In today’s time, it seems job-hopping is a more popular trend than good old loyalty and career ladder climbing within the same organization. A new wave of the workforce requires more from their employers in order to stick around for more than a year or so.
Companies are looking for new ways to have satisfied and fulfilled employees, and a good part of that satisfaction comes from the workplace itself.
Employees that are comfortable in their work environment are happy employees, and happy employees are more productive employees. This simple and very straightforward math explains that people who actually like their workplace, are more likely to want to continue working there, and they are likely to be more motivated to produce the best results.
Since different people have different needs, the agile design has proven to make sense for a lot of companies.
To accommodate flexible working practices an office needs to be adaptable.
Part-time and remote workers need to feel welcome and part of the team, so it is important to have a place for these workers when they are in the office. When these workers are absent, the full-time workers should be able to make use of this space as well, and turn it into a relaxing area, or place for casual brainstorming.
And for those full-time staff members, technology has removed the need for them to be rooted in the same spot all day, every day. Creative hubs, break-out areas, quiet zones, and meeting spaces, used in conjunction with laptops, tablets, and phones all help to drive this new, proactive, collaborative work-ethic that will, in turn, drive productivity.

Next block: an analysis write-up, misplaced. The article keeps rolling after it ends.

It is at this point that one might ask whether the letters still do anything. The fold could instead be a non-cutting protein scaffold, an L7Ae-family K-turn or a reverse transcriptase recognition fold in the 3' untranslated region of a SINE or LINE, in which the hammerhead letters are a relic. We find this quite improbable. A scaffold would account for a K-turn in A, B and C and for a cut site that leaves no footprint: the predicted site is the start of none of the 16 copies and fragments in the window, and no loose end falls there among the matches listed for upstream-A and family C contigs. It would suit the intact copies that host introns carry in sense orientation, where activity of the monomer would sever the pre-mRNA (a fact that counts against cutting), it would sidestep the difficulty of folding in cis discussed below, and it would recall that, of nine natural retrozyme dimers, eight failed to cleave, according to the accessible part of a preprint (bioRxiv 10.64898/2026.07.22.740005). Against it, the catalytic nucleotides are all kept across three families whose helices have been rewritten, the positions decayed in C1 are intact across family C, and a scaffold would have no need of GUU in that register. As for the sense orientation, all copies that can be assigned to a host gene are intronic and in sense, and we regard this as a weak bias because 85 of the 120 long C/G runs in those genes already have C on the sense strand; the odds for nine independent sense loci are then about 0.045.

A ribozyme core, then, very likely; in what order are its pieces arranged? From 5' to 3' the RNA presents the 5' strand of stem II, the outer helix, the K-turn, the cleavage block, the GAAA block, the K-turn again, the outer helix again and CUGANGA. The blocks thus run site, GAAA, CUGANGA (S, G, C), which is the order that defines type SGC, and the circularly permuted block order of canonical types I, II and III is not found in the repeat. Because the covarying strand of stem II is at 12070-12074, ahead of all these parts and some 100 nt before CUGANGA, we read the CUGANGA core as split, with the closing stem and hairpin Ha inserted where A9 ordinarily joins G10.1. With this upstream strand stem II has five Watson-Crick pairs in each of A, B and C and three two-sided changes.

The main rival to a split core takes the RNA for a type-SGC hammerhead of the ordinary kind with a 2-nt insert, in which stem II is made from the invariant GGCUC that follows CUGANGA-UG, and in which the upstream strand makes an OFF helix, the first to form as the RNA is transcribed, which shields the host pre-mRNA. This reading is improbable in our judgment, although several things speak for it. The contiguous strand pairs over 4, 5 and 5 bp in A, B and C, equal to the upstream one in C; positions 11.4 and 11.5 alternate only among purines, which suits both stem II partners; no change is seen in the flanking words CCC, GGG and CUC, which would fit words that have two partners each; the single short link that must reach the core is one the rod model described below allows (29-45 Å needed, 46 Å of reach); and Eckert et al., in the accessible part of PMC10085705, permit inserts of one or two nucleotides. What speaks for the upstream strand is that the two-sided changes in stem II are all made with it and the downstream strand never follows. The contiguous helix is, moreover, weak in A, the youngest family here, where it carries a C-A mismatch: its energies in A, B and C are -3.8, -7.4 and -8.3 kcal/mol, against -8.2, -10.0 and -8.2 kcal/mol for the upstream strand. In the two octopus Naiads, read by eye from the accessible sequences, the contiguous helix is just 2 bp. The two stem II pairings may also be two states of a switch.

This new agile working concept has been successfully adopted by companies including BT, Google, and Unilever, who value its measurable impact, not only on productivity, but also on recruitment and retention of their best staff. And when delivered by a workplace design consultancy with the right expertise, agile working can also deliver up to a 20% savings of usable office space.
Creating an agile office requires much more than simply transforming the physical space of the workplace. The change requires a shift in organizational thinking that doesn’t just “magically happen” once the new office furniture arrives. Employees need to be encouraged to make use of these spaces and they need to be led by example until they can ease into this new mindset and comfortably use the space in the way it was meant to be used.
What to know more about the impact of agile workplace design and the ways to improve the productivity of your employees? Join us at the Agile Workplace Design Forum which will be streamed ONLINE on the 13th and 14th of May, 2020.
By Azra Šahinović, Marketing Manager and Graphic Designer at GLC Europe, Budapest, Hungary